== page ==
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Ben Bernanke Defends Fed Action to Fight Financial Crisis

The former Federal Reserve chairman thinks the U.S. government should have targeted individuals for their roles in the disaster.

Seven years after the financial crisis brought the world to the brink of disaster, the interventions by the U.S. Federal Reserve Board and the Department of the Treasury continue to stoke resentment. But former Fed chair Ben Bernanke has no regrets. “We were trying to protect the financial system from collapse because we knew — and the facts would bear us out eventually — that if the financial system implodes, the economy will not be far behind,” he tells Institutional Investor.

Bernanke, who headed the U.S. central bank from 2006 to 2014, is now a distinguished fellow in residence with the economic studies program at Washington-based think tank the Brookings Institution. In an effort to set the record straight, the man who played the most critical role in taming the crisis recently embarked on a tour for his new book, The Courage to Act: A Memoir of a Crisis and Its Aftermath.

In the book Bernanke, 61, recounts his break with the Republican Party, describing himself these days as a moderate independent. Having been appointed by former president George W. Bush to succeed Alan Greenspan, he writes of his frustration with GOP attacks on the Fed: “It seemed to me that the crisis had helped to radicalize large parts of the Republican Party.”

According to some critics the Fed should have raised interest rates sooner to contain the U.S. housing bubble, the bursting of which provoked the financial crisis. Many contend that the central bank is now fueling yet another bubble with zero rates.

Bernanke doesn’t comment on the policies of his successor, Janet Yellen, but he rejects his critics, insisting that monetary policy was appropriately focused on helping the economy recover from the 2001 recession and avoiding deflation risks. Between 2004 and 2006 the Fed hiked rates from 1.25 percent to 5.25 percent.

“My view of the housing bubble is that to the extent government policy was involved in it, it was primarily failures of regulation rather than monetary policy,” he says. “The Fed, along with other bank regulators, didn’t do enough to prevent bad mortgage lending.”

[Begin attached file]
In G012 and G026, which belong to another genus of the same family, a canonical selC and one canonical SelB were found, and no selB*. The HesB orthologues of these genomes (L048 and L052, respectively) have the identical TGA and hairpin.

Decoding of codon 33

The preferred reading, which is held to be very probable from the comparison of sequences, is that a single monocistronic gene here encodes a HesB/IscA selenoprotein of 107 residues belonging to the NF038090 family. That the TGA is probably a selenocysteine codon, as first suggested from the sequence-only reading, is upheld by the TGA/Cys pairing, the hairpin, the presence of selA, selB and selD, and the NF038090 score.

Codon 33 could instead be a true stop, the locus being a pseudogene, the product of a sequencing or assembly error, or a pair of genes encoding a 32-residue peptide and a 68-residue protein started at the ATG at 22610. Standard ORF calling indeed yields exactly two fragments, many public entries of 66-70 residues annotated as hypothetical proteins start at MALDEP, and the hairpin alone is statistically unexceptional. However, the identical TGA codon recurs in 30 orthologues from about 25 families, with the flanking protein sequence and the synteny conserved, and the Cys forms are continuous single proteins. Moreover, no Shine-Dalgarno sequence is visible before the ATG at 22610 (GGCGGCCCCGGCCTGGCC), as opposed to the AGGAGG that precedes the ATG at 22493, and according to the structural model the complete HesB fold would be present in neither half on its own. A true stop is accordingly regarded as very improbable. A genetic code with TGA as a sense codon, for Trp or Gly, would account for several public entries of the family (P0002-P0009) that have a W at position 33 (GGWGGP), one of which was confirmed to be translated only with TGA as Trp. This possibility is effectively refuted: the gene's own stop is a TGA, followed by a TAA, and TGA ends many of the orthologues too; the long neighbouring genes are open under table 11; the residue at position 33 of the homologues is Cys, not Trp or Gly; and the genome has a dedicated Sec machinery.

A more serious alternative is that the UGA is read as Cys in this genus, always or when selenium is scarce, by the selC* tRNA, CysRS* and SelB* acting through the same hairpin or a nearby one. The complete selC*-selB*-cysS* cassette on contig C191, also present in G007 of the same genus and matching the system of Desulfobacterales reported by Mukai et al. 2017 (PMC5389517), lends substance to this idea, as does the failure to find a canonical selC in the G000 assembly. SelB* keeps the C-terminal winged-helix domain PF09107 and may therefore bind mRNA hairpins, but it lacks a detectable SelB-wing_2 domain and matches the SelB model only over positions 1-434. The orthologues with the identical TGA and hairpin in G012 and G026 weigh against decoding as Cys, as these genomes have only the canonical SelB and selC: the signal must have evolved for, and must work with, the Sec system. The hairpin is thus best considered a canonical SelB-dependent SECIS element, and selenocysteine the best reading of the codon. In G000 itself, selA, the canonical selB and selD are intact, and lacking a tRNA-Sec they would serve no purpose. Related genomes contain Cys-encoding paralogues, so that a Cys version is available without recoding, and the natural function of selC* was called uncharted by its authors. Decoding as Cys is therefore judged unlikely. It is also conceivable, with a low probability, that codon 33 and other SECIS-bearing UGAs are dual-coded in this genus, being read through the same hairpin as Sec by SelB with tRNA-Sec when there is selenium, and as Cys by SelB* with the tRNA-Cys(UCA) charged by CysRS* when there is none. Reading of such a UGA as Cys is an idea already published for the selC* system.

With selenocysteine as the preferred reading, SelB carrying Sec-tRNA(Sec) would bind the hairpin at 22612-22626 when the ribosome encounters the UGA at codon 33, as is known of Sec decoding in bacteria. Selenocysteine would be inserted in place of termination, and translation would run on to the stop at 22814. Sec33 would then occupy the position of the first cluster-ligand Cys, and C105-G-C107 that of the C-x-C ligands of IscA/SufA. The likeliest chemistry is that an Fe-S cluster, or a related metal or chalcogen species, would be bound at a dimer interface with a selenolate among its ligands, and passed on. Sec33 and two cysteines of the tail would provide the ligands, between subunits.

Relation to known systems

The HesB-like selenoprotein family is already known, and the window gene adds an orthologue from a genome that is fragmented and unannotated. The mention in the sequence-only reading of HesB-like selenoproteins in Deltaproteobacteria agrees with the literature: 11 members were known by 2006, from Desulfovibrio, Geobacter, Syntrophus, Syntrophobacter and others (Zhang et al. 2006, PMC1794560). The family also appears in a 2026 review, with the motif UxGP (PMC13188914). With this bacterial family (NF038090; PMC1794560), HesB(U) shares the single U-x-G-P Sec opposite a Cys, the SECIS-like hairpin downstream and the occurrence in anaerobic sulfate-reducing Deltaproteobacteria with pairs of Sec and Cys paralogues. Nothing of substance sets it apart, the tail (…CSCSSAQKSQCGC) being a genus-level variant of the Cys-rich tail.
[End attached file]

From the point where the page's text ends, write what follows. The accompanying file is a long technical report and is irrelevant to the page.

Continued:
The central bank did too much to save Wall Street from itself, detractors charge. In March 2008 the New York Fed extended JPMorgan Chase & Co. $13 billion to lend Bear Stearns so it could stay afloat long enough to be acquired by JPMorgan, plus $29 billion to buy toxic assets from the investment bank, which was reeling from plunging values of its subprime mortgage holdings To provide this funding, Bernanke and his colleagues chose what he calls the “Hail Mary” option, invoking Section 13(3) of the Federal Reserve Act for the first time since the Great Depression.

Compiling a playbook of short-term lending options to fight panic was an important development at the Fed, says David Wessel, director of the Hutchins Center on Fiscal and Monetary Policy at Brookings. “It’s kind of amazing Bernanke got the job at the time he did” because he brought crucial insights from his study of the role of monetary policy in the Depression, Wessel says. One key lesson from that event: “The arteries of the economy were clogged with the carcasses of dead banks,” he explains. “[The Fed’s] inability to deal with that stopped the economy from recovering.”

Justifying the Bear Stearns rescue to the public was no easy task, Bernanke concedes. “From the point of view of people on Main Street who don’t understand the connection between finance and the broader economy, to them, this was just helping Wall Street without helping them.”

The Fed stared into the abyss during the week of September 15, 2008, Bernanke recalls, when Lehman Brothers Holdings went bankrupt and American International Group was poised to follow suit. In a much-derided decision, the bank gave no emergency funding to Lehman, but it bailed out AIG with an $85 billion line of credit. Although the insurer had enough collateral in the form of its many subsidiaries, the risk was that the value of those divisions would plummet if the holding company failed. Still, the Fed “saw no alternative” but to proceed with the bailout, Bernanke says.

Higher servicing costs owing to regulation and capital requirements have shifted much of the mortgage origination market away from regulated institutions to nonbank lenders that are subject to fewer rules. To avoid another crisis, it was important for the banking system to have adequate capital and strong oversight, Bernanke says. “But I agree that to the extent credit extension is moving outside the banking system and into the shadow banking system, regulators need to pay close attention to that,” he says. “The Dodd-Frank reforms and other reforms give them the authority to do that.”

Bernanke believes lawmakers have fallen short in other ways, though. He says he’s puzzled by the U.S. government’s strategy of penalizing institutions rather than individuals for wrongdoing connected to the crisis. “I think in many cases it would have been better if the Department of Justice had pursued individual cases and looked for individual mistakes or individual malfeasance,” Bernanke argues. “That would have given us greater clarity on what actually happened, as well.”

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